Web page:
Suck it up liberals. How sweet it is.:)
The estimate from the nonpartisan Legislative Fiscal Bureau was nearly $137 million better than one Walker's administration released in November. The numbers will be used by Walker as he puts the final touches on his two-year spending plan, which he's set to unveil on Feb. 20.
While the bottom line for the current fiscal year that ends June 30 showed improvement, the report projected that tax collections through June 30, 2015, will actually be $259 million less than what Walker's administration predicted. The bulk of that, $219 million, is due primarily to the fact that Walker assumed in November that Congress would restore the estate tax, the Fiscal Bureau said in its report. That did not happen as part of the deal to avert the so-called fiscal cliff.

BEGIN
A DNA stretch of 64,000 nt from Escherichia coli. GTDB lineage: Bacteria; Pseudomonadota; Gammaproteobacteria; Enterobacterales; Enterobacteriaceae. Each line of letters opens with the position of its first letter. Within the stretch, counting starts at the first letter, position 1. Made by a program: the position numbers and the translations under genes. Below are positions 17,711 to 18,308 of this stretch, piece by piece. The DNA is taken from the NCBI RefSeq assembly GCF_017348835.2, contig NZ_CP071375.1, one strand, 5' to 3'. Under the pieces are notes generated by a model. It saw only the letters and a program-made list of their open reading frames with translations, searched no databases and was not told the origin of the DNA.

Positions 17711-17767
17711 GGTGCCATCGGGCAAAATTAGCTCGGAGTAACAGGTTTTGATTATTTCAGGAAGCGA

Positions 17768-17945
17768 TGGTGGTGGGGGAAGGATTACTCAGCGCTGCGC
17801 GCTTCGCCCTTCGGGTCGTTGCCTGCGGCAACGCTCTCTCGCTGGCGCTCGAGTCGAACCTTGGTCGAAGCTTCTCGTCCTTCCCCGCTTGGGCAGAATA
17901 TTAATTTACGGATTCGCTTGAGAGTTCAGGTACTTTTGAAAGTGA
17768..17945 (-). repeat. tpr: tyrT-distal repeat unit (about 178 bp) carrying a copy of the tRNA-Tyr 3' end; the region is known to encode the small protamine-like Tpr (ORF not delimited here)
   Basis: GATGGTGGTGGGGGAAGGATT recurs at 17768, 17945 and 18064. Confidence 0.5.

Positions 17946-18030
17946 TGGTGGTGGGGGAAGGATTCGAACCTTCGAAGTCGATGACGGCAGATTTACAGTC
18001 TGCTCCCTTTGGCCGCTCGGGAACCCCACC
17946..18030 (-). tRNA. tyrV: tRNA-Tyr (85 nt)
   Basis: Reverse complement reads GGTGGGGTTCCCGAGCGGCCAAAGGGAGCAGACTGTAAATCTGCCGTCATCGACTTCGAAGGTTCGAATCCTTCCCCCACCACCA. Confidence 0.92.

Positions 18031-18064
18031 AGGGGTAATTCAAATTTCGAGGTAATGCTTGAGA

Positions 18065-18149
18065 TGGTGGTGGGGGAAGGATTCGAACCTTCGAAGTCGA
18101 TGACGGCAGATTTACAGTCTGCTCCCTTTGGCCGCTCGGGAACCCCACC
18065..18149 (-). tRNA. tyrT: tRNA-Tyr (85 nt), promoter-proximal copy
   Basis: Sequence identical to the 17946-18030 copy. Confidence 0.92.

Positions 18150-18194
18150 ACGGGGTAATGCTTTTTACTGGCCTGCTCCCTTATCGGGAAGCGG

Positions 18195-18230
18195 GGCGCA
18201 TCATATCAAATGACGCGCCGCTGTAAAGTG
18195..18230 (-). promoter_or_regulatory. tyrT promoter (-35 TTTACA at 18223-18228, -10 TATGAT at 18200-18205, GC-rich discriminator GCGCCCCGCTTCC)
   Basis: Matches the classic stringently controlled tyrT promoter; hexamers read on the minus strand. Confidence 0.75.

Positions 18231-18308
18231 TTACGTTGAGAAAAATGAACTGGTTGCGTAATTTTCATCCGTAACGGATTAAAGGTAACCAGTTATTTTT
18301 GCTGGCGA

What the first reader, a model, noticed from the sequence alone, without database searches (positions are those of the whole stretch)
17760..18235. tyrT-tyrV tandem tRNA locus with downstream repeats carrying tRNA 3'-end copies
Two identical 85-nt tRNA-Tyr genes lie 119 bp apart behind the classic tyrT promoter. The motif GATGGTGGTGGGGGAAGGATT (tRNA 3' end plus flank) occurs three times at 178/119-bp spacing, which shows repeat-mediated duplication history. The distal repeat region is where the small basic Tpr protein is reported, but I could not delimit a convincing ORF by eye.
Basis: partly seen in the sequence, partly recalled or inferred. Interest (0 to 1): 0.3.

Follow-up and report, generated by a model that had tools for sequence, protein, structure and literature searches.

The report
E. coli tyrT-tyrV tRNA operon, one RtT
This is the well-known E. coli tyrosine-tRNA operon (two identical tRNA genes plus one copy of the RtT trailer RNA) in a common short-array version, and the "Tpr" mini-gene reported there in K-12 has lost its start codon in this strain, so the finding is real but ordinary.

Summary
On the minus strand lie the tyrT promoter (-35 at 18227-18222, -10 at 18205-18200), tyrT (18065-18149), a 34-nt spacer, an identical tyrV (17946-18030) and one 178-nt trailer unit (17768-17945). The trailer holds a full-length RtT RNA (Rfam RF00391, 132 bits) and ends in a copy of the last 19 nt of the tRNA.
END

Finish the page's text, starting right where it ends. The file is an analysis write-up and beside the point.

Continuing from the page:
Still, Walker and Republican legislative leaders touted the positive news in the report about the larger surplus for this fiscal year.
In 2011, Walker took office facing a roughly $3 billion budget shortfall and attacked the problem with deep cuts to education, local governments and other programs. He also forced public workers to pay more for health insurance and pension benefits, and effectively ended workers' collective bargaining rights, leading to an unsuccessful attempt to recall him last year.
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